I remember writing code for a bare machine (no OS). I'd set up the code to come in through the serial port and then use the front keypad to key in the instructions in octal to get the code, load it into memory and execute it. It was a little easier with UNIX, even with a dozen people on it.

We had one in our house (1)

Stele (9443) | about 9 months ago | (#44048881)

I lived with 4 other guys in a big old house in Blacksburg, VA (VA Tech) in 1991. One guy had a knack for finding computer surplus, and brought home *two* PDP-11s, along with a bunch of other "vintage" equipment. One sat out in the garage, while the other adorned a landing in our stairwell.

Re:We had one in our house (0)

Anonymous Coward | about 9 months ago | (#44049303)

How did you dispose of the spent nuclear material?

VAXen are still around (1)

AlphaFreak (646767) | about 9 months ago | (#44048885)

... but the PDP-11 had (has) better interrupt latency so it was preferred for realtime applications. It is not (so) surprising it is still around...

The legacy of the PDP-11 (1)

Anonymous Coward | about 9 months ago | (#44048891)

The design of the PDP-11 was quite elegant. It should be feasible to implement it in a single chip these days, including memory and I/O... :-)

Compare the 68K (1)

tepples (727027) | about 9 months ago | (#44048965)

The design of the PDP-11 was quite elegant. It should be feasible to implement it in a single chip these days

When you take a PDP-11 and redesign it to be partially 32-bit, you get a 68000.

including memory and I/O... :-)

Like the 68K-driven SOCs in Palm PDAs.

Compare the 360 (1)

fortunatus (445210) | about 9 months ago | (#44049099)

Note, too, that the IBM 360 instruction set is 32 bit and highly orthogonal, very much as is the PDP-11, and later the Motorola 68000, in fact the 360 instruction set pre-dates the PDP-11 by several years.. Both DEC and IBM were heading in the same direction over some of the same years that way. It's hard to really claim that DEC (Gordon Bell) copied IBM there, but it's also really hard to claim he didn't.

Re:Compare the 360 (1)

fortunatus (445210) | about 9 months ago | (#44049139)

PS - yes, I know the PDP-11 is 16 bit, while the 360 and 68000 are 32 bit - I meant to refer to the "orthogonality" of the instruction sets, and structure of the instruction words, rather than the bit widths when I made the comparisons above...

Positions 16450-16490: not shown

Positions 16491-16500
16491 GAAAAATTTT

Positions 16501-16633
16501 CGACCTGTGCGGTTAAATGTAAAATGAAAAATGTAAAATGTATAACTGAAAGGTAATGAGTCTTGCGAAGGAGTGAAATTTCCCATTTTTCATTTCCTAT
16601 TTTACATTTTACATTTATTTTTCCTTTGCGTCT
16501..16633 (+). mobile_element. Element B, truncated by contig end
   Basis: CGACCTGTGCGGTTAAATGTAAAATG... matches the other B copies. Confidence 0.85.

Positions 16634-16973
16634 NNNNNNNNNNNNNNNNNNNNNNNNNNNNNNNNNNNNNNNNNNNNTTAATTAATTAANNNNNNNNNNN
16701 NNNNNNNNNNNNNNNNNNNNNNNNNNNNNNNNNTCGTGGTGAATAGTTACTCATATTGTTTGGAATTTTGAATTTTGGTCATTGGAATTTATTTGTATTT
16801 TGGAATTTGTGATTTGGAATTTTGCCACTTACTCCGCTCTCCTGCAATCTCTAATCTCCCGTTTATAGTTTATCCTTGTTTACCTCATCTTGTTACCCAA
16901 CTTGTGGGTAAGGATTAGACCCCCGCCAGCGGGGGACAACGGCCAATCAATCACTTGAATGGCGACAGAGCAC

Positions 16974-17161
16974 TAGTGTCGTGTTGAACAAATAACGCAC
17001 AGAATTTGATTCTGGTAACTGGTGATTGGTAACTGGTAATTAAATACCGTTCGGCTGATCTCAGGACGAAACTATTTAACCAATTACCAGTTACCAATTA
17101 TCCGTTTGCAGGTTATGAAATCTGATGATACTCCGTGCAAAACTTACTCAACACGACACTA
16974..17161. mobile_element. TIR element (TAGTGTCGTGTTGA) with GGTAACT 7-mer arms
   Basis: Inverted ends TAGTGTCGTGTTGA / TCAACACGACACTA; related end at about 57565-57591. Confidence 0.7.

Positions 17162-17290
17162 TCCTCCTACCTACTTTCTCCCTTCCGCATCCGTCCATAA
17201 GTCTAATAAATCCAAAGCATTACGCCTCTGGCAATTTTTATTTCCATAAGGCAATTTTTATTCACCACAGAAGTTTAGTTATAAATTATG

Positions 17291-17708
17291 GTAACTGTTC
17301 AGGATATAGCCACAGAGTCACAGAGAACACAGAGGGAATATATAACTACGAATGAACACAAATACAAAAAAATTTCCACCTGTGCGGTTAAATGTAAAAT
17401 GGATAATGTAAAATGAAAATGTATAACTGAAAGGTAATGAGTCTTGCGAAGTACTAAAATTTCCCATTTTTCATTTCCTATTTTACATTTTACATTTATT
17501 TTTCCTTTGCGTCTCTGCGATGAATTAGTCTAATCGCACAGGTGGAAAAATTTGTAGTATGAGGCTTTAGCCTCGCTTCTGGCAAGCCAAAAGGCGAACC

Whatever (1)

sunking2 (521698) | about 9 months ago | (#44048893)

Unless they aren't teaching assembly anywhere anymore there is nothing special about PDP-11 assembly. In the late 80s it's what we learned it on, and I'd venture that it's pretty simple in comparison to anything modern.

Don't Freak! Prolly A PCI Card Emulator (2)

cmholm (69081) | about 9 months ago | (#44048899)

This doesn't surprise me. Back in the day, Huge Aircrash had a big investment in PDP-powered test bays, and didn't want to incur the risk/cost of replicating the functions of the assembler software libraries on a new platform/language. So, the PDPs slid out, and rack-mount PCs slid in, featuring a hardware emulator on a PCI card. Minor bonus: a bit more speed. Obviously, Huge wasn't the only customer. Google "PDP hardware emulator", and you'll find a number of vendors.

Re:Don't Freak! Prolly A PCI Card Emulator (1)

K. S. Kyosuke (729550) | about 9 months ago | (#44049053)

And if you want to learn the assembly dialect, just fetch SIMH [trailing-edge.com] - the greastest thing since the bit-slice microprocessor.

Re:Don't Freak! Prolly A PCI Card Emulator (0)

Anonymous Coward | about 9 months ago | (#44049175)

Careful, not a lot of people will actually remember Hughes Aircraft. It's been a while now.

Exceptions (0)

Anonymous Coward | about 9 months ago | (#44048913)

We've to go to nuclear power plants to get exceptions like this. It's sad.

Most of the IT industry is focused on switching every few years to something different (rarely new).

Only the very best for the nuke stuff... (-1)

Anonymous Coward | about 9 months ago | (#44048915)

For the nuclear industry, we spare no expense!

/sarcasm

And people still believe it's cheap, clean energy! LMFAO. Nuclear Power is right as a temporary, short term solution for our energy needs. But it cannot be permanent... for the obvious reasons (it is very dirty, the dirt stays effectively forever, and the actual true cost of everything (including development, construction, special materials, worker education, operational requirements, safety requirements, etc. etc.) is and has always been really, really outrageously fucking high.

Dave Cutler's work lives on (1)

cohomology (111648) | about 9 months ago | (#44048953)

Obsolete? Not the ideas.

Dave Cutler designed and wrote much of the popular RSX-11M operating system for the PDP-11. He went on to design the OS for the Vax (VMS). Programmers observed that it was just like RSX-11M, but better. Microsoft hired him to lead a team that designed Windows NT. That kernel lives on in modern versions of Windows.

awesome (2)

lkcl (517947) | about 9 months ago | (#44048955)